back to article Fast-spreading CopyCat Android malware nicks pennies via pop-up ads

A powerful and fast-spreading Android malware strain dubbed CopyCat has infected 14 million Android devices. CopyCat is primarily designed to generate and steal ad revenues. It does this by rooting compromised devices and establishing persistence. Injecting code into Zygote – a daemon responsible for launching apps in the …

  1. Sir Runcible Spoon Silver badge
    Paris Hilton

    I feel retarded

    Can someone explain how these scumbags actually receive $money$ for this - surely that leaves some kind of trail that can be followed. After all, if you want your Ad rewards paid in Bitcoins it's going to look a mite suspicious. Who pays and how?

  2. Thoguht Silver badge

    Re: I feel retarded

    I'd be more interested in someone explaining how in this day and age it's still possible to trivially root an OS based on oh-so-secure Linux.

    Nice pic, though - is that from Fate/Zero Day?

  3. Steve Davies 3 Silver badge

    Re: I feel retarded

    Perhaps you should ask Google that question. After all, they are responsible for the software especially any mods made to the Kernel that may (or may not have) contributed to this and other vunerabilities.

  4. Charlie Clark Silver badge

    Re: I feel retarded

    I'd be more interested in someone explaining how in this day and age it's still possible to trivially root an OS based on oh-so-secure Linux.

    Easy: just ask the user to do it. Some way to escalate permissions is always required to install software. But sideloading is disabled by default on Android and users are warned every time of the risks when they change the setting.

    Elsewhere, in OS theory land, it turns out to be pretty to difficult to completely secure an OS when direct access to the hardware is required and systems like "trusted computing" have their own problems, like preventing users from using devices as they would like. But unix was never developed as a secure OS as anyone who's entered single user mode would attest to.

  5. fidodogbreath Silver badge

    Re: I feel retarded

    Perhaps you should ask Google that question. After all, they are responsible for the software especially any mods made to the Kernel that may (or may not have) contributed to this and other vunerabilities.

    Android versions prior to Nougat also run older versions of the Linux kernel.

  6. DougS Silver badge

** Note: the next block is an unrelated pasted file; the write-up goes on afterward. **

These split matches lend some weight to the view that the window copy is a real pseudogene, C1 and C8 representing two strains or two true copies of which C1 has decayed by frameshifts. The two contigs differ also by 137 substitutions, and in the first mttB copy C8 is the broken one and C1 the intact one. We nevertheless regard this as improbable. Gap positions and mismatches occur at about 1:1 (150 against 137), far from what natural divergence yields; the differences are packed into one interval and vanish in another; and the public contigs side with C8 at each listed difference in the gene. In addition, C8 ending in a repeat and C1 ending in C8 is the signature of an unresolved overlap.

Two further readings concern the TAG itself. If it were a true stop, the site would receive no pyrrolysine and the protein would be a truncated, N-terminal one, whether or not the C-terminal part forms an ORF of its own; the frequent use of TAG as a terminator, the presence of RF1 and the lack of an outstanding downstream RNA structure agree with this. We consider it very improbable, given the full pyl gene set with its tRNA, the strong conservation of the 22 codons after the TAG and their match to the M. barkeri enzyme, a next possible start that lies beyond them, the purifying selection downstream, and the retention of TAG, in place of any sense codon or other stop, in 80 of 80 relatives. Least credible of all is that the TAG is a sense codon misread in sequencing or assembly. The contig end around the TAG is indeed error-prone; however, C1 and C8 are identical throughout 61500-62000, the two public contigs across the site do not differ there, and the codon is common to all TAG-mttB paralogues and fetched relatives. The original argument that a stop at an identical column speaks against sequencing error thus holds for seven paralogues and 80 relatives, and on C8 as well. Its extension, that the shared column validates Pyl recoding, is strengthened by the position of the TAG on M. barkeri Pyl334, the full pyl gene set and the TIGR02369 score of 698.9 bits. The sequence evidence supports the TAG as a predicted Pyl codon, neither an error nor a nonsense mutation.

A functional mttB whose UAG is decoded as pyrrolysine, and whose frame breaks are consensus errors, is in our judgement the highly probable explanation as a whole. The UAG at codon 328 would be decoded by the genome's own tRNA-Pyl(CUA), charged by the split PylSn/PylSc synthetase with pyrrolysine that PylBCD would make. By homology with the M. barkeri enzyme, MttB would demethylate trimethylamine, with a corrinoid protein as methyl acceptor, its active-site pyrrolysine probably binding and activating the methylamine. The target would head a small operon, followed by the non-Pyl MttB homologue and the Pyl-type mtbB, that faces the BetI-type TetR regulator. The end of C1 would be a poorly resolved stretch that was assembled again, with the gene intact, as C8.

Re: I feel retarded

    How is anyone supposed to tell the legitimate vs illegitimate payments made to a bank account in China that receives both? When someone finds out about it they probably shut down payments to that account, along with barring the referrer ID these guys were using. No problem, they have other bank accounts and other referrer IDs, which future exploits will use (probably already are using) so trying to stop them is like playing whack a mole.

    If we can't stop terrorist funding despite essentially unlimited budgets being thrown at the problem of terrorism, how do you expect to stop small time criminals like these from getting paid?

  7. Roland6 Silver badge

    Re: I feel retarded

    Re: "I'd be more interested in someone explaining how in this day and age it's still possible to trivially root an OS"

    Whilst I agree with the sentiment - namely Android is nearly 10 years old, we shouldn't forget about the lessons of Windows...

    What struck me was the statement: "The mobile malware successfully rooted over 54 per cent of the devices it infected", which would seem to imply that the received wisdom of 'locking' phones (ie. denying end user root access) is not a particularly effective security measure.

  8. Anonymous Coward
    Anonymous Coward

    Re: I feel retarded

    " But unix was never developed as a secure OS as anyone who's entered single user mode would attest to."

    Quite. One security advantage of Windows is that you can get full constrained delegation of rights. In *Nix world a lot of stuff has to be done as root. In Windows you can easily delegate just the rights needed for specific admin tasks without using an admin / system level account. This is especially handy with say scripts (via JEA) - see: https://msdn.microsoft.com/en-us/library/dn896648.aspx

  9. DougS Silver badge

    Re: I feel retarded

    Linux and other Unixes have had extensions for many many to provide fine grained admin access, e.g. to provide the ability to change network adapter settings without being able to perform other "root" level actions. From the earliest days of Unix, setuid provided a way (albeit with its own problems) to execute tasks requiring administrative privileges without using an admin/system level account.

    Despite your false claim that Windows has an advantage in this regard, it hasn't proven to be very secure, which shows how little privilege separation and delegation matters. It mostly eliminates one type of attack, but there are so many other methodologies available to malware authors it hasn't been nearly as effective as security researchers claimed it would be back in the 90s when Windows and Unix first acquired these capabilities but they weren't widely used.

    Most privilege escalation attacks rely on attacking a process or subsystem that already has elevated privileges as part of its design/requirement.